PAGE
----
The performances, the sun-kissed cinematography, and the sense of place are well-executed. But it can feel too much like reaching for empty air. Is “Nine Perfect Strangers” a critique of wellness culture? Or are all of these characters mere representations of the anxieties and emotional turmoil of the modern middle class American? Because the episodes consist more of moments than upfront satire, as viewers we can be left in limbo. Nicole Kidman has mastered playing mysterious, with a hint of power, even if her accent brings flashbacks to Angelina Jolie’s famously odd accent in “Alexander.” Yet her Masha is as vague as the show itself. She becomes a caricature of the typical idea of a wellness guru, but what she wants, why she’s doing what she’s doing remains frustratingly vague six episodes in. Kelley has crafted a fascinating crowd. Why we’re attending this TV getaway is the question he refuses to answer.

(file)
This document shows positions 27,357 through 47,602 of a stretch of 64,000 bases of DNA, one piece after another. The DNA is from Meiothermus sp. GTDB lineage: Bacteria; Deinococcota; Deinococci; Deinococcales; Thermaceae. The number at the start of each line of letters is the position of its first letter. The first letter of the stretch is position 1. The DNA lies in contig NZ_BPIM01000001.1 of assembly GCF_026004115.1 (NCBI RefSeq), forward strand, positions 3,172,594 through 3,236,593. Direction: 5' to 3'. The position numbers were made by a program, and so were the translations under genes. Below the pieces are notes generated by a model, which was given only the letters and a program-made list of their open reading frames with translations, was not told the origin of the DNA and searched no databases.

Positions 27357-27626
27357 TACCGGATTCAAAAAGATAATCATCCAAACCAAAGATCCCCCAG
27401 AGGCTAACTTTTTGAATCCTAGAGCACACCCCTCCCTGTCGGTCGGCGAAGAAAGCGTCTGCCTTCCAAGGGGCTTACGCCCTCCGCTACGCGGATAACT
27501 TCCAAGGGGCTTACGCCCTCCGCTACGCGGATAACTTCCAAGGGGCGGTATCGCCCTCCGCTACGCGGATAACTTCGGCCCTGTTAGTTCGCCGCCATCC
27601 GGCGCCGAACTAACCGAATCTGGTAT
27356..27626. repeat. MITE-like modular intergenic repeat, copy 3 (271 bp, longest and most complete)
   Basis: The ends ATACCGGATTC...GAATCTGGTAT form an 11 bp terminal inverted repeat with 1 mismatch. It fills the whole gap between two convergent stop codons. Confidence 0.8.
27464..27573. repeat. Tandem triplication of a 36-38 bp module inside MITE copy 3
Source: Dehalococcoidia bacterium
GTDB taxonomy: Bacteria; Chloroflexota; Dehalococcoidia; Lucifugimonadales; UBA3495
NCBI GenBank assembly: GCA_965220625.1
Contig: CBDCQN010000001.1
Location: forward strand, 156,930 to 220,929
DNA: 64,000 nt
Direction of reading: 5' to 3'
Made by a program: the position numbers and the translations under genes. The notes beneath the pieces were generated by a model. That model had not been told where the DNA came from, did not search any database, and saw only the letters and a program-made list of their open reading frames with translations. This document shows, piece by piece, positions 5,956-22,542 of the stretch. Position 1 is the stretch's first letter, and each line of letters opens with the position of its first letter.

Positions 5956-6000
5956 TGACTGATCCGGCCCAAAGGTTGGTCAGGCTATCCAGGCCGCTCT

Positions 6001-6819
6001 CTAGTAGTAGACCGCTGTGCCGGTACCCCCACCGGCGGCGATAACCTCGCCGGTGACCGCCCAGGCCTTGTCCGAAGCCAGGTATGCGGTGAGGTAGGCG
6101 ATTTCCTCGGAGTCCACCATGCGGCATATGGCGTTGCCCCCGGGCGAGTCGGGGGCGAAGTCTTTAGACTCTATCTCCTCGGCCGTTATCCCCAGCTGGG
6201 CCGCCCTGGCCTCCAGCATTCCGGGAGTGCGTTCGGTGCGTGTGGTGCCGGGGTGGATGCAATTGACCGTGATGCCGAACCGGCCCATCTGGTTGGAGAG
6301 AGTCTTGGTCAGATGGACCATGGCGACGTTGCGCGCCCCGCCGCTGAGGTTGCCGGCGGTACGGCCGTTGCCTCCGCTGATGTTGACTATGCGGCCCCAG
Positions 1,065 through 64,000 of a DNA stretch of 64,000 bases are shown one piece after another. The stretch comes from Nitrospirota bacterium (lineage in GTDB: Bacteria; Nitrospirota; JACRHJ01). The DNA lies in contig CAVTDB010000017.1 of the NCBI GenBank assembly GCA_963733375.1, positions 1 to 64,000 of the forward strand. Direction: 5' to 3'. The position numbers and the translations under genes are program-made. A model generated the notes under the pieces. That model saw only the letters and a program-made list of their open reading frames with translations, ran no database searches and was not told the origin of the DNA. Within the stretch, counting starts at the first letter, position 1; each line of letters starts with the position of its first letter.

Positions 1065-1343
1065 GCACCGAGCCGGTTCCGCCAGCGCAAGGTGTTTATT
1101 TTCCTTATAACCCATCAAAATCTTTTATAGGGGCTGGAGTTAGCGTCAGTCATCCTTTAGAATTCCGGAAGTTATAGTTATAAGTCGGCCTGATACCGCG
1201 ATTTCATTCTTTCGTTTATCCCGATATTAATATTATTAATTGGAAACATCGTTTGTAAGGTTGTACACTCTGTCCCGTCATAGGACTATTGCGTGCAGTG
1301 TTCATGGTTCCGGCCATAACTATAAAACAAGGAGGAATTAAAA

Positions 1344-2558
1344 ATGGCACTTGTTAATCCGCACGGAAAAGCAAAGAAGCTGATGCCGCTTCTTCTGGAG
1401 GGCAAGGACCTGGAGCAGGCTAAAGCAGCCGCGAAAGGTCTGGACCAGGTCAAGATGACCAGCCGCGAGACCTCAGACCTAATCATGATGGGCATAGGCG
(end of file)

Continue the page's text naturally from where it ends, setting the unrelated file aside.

“Nine Perfect Strangers” begins streaming Aug. 18 with new episodes premiering Wednesdays on Hulu.